From John G. Jackson
Clarksburg June 26th 1812
I am highly gratified with the declaration of War by Congress, & the friends of the administration in this quarter unanimously approve of it. After so many outrages, & so long forbearance it was expected that greater uninanimity [sic] would have been witnessed in the decision: but knowing as I do the secret springs which move some of the Minority hitherto associated with the republicans I am not surprised at their votes. I am however at a loss to conjecture wherefore a few others, Worthington, Pope &C refused to give their concurrence.1 I had always intended if we engaged in war with Great Britain to enter into the army, my disability hitherto has very much damped that ardor,2 but my recovery since I saw you; has been so substantial & considerable, that if my services are desired in any station however subordinate where fighting is a part of the duty, & I am entitled to ride; they are at the command of the Government. I do not wish my dear Sir that you should regard this letter in the light of an application for a commission, I know too well the course of proceeding to depart from it; & much less do I wish that you would deem yourself placed in a condition where the discharge of public duty might possibly conflict with individual feeling towards me. All that I intend is to signify my readiness after approving the war to wage it.
The Assassination of Perceval will have some effect, perhaps more, on this side of the Water than beyond it; the malcontents will condemn you for not waiting the tide of events produced by it. But what will they not say? It were madnes’s to consult their wishes, or to deviate to the right hand or to the left to sue for their support. The war will separate the partisans of England from the honest federalists: & Tar & Feathers will cure their penchant for our enemy.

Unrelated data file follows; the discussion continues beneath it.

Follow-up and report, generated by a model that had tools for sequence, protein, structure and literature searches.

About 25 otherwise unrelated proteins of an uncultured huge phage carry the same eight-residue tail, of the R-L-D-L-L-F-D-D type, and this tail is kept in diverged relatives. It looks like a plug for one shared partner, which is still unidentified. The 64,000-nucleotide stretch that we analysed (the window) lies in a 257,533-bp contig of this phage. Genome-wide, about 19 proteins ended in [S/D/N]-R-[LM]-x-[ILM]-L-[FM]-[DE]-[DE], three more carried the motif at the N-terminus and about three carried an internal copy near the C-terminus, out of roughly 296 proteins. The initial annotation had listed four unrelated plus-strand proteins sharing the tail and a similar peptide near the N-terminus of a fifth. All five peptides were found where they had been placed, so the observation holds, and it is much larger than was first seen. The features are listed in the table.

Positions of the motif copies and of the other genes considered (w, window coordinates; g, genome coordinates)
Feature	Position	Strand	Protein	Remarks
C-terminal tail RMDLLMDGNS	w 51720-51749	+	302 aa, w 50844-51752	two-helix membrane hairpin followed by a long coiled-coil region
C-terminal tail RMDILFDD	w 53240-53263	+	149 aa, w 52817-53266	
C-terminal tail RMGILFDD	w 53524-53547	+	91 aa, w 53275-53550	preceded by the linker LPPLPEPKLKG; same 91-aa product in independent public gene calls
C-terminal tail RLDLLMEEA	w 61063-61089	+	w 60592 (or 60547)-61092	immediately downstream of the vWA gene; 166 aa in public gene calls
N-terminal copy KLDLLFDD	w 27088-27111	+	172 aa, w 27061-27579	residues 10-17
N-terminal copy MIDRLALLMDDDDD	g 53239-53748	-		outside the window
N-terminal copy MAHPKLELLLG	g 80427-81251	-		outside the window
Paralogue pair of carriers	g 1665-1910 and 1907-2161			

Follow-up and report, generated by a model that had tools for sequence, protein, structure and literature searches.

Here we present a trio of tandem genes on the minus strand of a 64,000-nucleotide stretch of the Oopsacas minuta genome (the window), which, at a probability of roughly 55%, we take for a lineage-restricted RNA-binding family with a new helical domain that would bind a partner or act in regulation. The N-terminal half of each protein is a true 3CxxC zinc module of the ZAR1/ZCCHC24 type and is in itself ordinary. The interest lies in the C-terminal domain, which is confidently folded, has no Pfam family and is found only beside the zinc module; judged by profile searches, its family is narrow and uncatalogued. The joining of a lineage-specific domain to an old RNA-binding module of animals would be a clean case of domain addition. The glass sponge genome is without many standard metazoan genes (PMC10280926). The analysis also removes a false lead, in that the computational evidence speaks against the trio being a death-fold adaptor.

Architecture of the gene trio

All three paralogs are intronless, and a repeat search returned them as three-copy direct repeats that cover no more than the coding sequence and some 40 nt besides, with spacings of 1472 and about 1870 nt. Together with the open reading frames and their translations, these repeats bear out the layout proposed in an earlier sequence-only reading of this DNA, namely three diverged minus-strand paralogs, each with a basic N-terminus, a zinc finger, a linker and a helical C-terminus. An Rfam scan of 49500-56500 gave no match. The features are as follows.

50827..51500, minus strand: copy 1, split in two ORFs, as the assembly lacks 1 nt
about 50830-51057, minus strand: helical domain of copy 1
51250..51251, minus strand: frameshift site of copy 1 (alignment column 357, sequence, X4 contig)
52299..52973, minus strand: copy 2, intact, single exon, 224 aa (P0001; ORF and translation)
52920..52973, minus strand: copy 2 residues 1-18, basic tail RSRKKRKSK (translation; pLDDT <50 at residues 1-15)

Offer my affectionate regards to Mrs. M Mr. & Mrs. Cutts & believe me truly Your Mo Obt.
J G Jackson
RC (DLC). Docketed by JM.
1. Jackson was referring to Thomas Worthington of Ohio and John Pope of Kentucky, Republicans who voted against the declaration of war in the U.S. Senate. They were joined in their opposition by all six Federalists, three Clintonians, and two other Republicans, Jeremiah B. Howell of Rhode Island and Philip Reed of Maryland, resulting in thirteen votes against the war and nineteen in favor. Worthington sought a meeting with JM on 14 June to explain his reasons for voting against the declaration, which concerned the threat that war could pose to frontier Ohio and his belief that the U.S. was unprepared. Pope probably refused to endorse the declaration, in part, from his preference for “triangular war” with both Great Britain and France (Johnson, “The Suspense Was Hell,” Indiana Magazine of History, 65:250, 262–63; diary of Thomas Worthington, 14 June 1812 [DLC: Thomas Worthington Papers]).